Opposition To Undercover Video Bill & Annual Charity Auction
I'm Lacy Gray with Washington Ag Today.
State HB 1104 sponsored by State Representative Joe Schmick would make it a crime to enter an agricultural production facility without the owner's consent in order to secretly record video of farming operations. The crime would be considered a gross misdemeanor punishable by a year in jail and a fine of up to $5,000. During a House Public Safety Committee Hearing this week the bill was met with strong opposition, with 18 people representing legal groups, farmworker groups, animal rights activists and concerned citizens testifying against it - nearly each one citing a fear of "criminalizing whistleblowers". Representative Schmick had this to say in response to such criticism.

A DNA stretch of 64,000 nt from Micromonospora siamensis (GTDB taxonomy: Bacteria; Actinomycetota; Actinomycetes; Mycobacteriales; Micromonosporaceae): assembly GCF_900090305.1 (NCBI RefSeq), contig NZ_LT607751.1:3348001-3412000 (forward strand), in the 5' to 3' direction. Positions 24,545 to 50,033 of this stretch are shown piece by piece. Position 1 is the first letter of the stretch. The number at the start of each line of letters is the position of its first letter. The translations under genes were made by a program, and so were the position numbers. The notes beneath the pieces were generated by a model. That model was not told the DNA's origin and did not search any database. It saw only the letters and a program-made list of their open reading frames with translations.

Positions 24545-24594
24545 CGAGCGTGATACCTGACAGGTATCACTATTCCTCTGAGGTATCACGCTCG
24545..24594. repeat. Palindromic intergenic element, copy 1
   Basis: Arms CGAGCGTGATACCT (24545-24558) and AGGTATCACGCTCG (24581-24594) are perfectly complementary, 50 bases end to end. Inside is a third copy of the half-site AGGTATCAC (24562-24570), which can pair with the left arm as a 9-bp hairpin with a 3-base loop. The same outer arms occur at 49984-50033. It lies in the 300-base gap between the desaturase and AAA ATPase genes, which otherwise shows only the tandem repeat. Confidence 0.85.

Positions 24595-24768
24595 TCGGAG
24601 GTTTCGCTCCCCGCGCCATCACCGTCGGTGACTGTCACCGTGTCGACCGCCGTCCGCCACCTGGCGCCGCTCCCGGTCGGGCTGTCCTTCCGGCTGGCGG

SCHMICK: I know there's a lot of people, a lot of discussion about this bill and I would really like to discuss it further, so bring me language. If there's areas of this bill that need to be strengthened or changed, I am more than willing to take a look at that and to consider that so we can move this bill ahead.
Labeled as an "ag-gag" bill by its opponents HB 1104 was based on a controversial 2014 Idaho bill. It is now up to the House Committee on Public Safety to approve or reject the bill.
Once again the Gallop Stallion Service Auction will be supporting the Ronald McDonald House Charities of Spokane. More than 50 stallion services including champions of all breeds, whose stud fees generally range from $500 to $25,000, will be sold to the highest bidder. The event takes place at the Northern Quest Casino Pavilion, Airway Heights January 24. For more information visit gallopauction.com.
That's Washington Ag Today.
I'm Lacy Gray with the Ag Information Network of the West.